Smashing Magizine published a great list of thought provoking user experience presentations by the industry's top experts. A few of my favorite are Jesse James Garett's (Adaptive Path) "The State of User Experience", Nick Fink's (Blue Flavor) "UX Best Practaces", and Leah Buley's (Adaptive Path) "A UX team of one", which I had the pleasure of attending in person at SXSW in 2009. It's an exciting time to be in the user experience business!
Neighboroo created a mashup between google maps and a bunch of public data to create heatmaps of the data. You can view heatmaps for several different data types, such as Politics, Crime Rates, Tax Rates, Household Income, etc...
Its a very interesting little tool to play with.
Google is about to release yet another analytics tool for all Adwords advertisers...Website Optimizer. This new tool allows you to dive deep into a/b testing of specific elements on a given landing page in order to discover what combination of elements performs best.
With the optimizer tool, you can test multiple versions of images, call to action, marketing text, buttons, ect... on a given landing page. The Website Optimizer tool will then show you which combination of elements performed the best in order to retain customers, increase conversion, and increase your ROI.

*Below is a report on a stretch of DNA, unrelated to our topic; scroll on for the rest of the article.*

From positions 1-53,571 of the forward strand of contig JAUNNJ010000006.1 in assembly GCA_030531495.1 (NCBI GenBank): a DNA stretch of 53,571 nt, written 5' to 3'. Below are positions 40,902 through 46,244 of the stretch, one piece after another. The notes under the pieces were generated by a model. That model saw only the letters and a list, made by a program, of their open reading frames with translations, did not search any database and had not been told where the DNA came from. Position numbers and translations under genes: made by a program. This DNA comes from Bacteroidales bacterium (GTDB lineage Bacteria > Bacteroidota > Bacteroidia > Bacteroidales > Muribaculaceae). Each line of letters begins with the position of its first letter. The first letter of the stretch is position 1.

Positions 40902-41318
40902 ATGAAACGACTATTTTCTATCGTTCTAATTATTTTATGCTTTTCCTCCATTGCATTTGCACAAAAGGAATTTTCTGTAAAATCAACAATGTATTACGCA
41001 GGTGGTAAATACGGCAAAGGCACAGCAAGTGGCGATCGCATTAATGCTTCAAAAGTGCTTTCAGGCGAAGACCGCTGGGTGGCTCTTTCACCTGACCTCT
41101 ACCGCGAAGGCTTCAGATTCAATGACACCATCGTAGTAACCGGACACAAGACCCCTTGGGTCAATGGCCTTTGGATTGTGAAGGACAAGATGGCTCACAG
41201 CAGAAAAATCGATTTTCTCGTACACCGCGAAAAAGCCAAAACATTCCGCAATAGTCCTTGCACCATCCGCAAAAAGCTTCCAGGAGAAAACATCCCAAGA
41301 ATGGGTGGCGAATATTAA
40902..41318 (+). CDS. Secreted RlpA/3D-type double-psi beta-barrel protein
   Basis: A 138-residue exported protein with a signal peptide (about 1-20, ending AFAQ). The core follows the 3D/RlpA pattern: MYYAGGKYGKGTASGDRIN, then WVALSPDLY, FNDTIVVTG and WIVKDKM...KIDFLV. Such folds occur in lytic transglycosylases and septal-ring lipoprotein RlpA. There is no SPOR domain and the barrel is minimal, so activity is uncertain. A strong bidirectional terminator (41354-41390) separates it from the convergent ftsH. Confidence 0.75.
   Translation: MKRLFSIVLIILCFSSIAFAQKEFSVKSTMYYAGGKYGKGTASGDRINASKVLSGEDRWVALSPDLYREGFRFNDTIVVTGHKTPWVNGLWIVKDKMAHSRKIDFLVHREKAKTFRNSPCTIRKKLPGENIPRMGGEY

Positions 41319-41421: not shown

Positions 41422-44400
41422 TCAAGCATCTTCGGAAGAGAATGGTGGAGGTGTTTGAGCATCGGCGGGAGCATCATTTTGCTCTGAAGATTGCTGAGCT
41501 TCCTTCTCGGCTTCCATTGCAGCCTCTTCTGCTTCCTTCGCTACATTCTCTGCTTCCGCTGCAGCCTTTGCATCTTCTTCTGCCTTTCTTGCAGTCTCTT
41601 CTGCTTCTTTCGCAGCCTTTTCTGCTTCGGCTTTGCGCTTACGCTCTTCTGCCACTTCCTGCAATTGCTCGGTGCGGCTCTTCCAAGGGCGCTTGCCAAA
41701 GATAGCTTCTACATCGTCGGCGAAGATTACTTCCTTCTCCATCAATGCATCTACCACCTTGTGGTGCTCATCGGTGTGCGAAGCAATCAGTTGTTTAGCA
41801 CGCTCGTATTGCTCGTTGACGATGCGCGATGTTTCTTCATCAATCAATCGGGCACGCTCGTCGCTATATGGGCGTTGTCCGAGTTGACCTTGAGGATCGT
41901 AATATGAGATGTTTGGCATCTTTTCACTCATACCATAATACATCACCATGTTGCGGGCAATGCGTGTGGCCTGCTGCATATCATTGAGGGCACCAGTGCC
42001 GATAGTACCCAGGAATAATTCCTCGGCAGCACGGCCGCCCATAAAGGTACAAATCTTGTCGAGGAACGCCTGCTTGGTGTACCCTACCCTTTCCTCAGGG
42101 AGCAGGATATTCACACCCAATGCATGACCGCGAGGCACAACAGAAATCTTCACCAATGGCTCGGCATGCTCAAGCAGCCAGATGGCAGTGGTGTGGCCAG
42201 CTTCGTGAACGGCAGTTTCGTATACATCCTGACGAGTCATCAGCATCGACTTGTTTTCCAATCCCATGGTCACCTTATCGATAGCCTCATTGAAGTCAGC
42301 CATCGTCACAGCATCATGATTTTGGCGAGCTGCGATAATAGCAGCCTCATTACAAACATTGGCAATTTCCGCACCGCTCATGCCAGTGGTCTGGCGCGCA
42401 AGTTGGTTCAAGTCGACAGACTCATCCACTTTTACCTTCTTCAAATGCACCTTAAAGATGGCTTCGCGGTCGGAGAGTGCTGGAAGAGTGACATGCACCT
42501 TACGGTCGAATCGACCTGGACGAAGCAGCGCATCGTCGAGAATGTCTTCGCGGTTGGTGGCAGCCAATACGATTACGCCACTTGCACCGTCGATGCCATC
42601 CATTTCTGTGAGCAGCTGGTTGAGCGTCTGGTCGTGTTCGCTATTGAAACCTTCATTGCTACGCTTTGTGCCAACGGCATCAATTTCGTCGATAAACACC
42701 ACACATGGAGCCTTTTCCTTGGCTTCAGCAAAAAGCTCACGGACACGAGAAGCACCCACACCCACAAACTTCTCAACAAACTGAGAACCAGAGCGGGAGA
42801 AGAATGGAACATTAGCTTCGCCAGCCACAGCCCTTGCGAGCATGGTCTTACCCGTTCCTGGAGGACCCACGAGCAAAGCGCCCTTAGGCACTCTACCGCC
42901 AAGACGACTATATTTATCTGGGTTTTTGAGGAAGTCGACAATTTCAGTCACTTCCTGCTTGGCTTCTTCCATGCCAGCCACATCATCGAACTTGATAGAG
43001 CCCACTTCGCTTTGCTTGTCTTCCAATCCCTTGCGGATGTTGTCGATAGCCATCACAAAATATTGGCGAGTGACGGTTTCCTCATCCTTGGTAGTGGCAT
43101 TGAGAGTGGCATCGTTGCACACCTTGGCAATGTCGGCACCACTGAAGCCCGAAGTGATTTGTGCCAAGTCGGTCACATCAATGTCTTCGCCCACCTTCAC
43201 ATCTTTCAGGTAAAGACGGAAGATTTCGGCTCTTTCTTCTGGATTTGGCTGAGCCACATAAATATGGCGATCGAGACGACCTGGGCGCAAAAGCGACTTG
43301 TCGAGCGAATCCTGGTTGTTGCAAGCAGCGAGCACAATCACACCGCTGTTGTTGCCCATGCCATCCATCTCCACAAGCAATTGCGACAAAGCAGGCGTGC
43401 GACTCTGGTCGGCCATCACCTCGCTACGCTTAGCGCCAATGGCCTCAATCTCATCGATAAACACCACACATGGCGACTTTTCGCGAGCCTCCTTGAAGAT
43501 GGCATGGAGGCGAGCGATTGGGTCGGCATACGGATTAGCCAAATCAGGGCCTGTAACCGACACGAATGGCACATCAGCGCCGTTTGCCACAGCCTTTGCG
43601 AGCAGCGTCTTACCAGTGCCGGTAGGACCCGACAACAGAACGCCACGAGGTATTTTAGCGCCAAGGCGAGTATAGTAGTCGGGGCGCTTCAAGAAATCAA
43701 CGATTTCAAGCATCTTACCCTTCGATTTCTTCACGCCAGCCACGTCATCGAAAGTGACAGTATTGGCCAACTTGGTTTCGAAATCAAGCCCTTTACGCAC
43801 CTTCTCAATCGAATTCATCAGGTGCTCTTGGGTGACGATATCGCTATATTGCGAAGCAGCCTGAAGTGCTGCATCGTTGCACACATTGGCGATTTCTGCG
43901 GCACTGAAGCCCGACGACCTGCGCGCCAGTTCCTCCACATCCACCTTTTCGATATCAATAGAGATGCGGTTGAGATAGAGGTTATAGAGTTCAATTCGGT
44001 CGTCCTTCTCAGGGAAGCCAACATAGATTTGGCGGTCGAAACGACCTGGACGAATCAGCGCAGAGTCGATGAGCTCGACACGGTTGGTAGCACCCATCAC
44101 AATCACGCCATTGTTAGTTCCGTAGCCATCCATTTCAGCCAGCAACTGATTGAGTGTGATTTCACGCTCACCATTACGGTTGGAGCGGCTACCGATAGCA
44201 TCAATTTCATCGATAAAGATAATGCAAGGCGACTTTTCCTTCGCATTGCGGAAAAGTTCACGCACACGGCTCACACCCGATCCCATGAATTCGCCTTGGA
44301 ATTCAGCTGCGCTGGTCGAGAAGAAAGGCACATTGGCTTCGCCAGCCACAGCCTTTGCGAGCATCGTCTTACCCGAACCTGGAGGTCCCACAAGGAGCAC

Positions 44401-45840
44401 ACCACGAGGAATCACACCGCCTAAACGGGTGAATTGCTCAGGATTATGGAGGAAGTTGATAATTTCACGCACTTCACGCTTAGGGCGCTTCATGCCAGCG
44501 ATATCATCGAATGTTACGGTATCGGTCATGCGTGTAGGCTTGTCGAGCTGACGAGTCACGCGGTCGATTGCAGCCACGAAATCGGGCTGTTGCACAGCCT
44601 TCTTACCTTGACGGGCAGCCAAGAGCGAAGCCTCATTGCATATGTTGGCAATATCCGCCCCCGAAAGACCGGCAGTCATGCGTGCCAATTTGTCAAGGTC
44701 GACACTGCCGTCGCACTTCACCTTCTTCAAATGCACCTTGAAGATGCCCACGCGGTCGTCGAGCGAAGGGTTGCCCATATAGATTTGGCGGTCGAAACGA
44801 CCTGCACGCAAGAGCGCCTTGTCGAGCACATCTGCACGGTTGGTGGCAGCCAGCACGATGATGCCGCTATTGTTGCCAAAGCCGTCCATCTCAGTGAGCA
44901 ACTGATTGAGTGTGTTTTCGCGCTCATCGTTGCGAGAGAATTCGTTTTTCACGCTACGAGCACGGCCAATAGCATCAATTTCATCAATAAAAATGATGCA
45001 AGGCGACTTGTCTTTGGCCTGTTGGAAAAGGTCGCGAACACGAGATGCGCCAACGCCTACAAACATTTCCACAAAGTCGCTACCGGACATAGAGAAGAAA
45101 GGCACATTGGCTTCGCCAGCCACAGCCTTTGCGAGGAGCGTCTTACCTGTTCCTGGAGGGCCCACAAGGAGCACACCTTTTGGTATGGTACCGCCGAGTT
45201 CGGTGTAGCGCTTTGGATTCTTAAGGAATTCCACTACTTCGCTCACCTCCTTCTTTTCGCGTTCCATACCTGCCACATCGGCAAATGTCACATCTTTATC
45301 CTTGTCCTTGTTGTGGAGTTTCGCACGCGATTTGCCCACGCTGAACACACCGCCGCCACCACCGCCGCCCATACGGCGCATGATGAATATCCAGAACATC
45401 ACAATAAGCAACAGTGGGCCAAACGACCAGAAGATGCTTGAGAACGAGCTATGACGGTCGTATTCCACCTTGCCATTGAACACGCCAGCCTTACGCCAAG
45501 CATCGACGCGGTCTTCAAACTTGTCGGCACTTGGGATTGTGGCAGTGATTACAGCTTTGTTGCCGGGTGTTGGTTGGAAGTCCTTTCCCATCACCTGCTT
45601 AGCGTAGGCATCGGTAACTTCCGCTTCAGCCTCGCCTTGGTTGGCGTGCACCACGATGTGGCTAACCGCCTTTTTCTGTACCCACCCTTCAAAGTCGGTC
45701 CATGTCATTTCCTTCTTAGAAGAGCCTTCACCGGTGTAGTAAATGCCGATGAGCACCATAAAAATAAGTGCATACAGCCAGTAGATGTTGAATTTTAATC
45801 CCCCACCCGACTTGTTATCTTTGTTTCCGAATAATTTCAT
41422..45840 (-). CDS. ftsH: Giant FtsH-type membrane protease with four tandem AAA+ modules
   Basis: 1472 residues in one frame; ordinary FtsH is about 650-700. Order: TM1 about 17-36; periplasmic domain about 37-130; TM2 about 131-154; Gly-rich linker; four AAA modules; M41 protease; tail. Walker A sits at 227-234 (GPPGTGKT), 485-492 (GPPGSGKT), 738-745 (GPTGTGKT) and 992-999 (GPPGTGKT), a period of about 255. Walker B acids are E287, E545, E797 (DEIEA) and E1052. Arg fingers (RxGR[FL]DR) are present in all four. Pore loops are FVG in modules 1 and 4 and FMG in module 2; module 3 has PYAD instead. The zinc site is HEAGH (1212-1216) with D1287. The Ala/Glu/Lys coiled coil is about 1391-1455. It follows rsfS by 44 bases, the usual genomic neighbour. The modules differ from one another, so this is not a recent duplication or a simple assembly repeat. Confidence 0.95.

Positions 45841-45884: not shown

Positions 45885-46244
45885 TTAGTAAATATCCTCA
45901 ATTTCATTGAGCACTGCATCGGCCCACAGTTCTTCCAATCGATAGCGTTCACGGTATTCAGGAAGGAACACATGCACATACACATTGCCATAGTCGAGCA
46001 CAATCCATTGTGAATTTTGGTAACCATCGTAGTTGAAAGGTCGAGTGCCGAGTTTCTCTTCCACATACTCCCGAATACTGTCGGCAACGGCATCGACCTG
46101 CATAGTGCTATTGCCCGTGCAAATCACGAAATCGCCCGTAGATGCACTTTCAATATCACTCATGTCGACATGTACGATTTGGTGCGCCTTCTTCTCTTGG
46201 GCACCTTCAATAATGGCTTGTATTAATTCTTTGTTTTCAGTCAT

I've been using Bloglines to aggregate my 100+ rss feeds from around the Internet since I discovered the wonderful world of rss about 2 years ago. When Google Reader v1 came out, I was at first impressed with the slick ajax UI they came up with...it was very smooth, had lots of bells n whistles, etc. However, unlike most google products I use, Google reader v1 fell way short of satisfying my rss thirst for knowledge. I could not categorize feeds and it was difficult to quickly browse articles. It was a classic example of where "cool" did not sync with "functional". Here's a screenshot of Google Reader v1 beta:
Recently, Google launched version 2 beta of their Google Reader...and after trying it out for a couple weeks, I've officially made the switch from Bloglines. Why? Because it finally lives up to the wonderful user experience that I've come to find in many of Google's other products such as Gmail, Google Calendar, and Google Analytics.The
Pros: My favorite feature of the new reader is the ability to toggle the way you view the feeds from a list view (very similar to gmail) to an expanded view (similar to bloglines). I use both views frequently because some feeds (like craigslist feeds for example) are much quicker and easier to view as a list while other feeds that have long articles I tend to read regularly make the expanded view the most practical.
List View Screenshot:
Expanded view screenshot:
You can now categorize your feeds and organize them how you wish (similar to bloglines...only without the frames).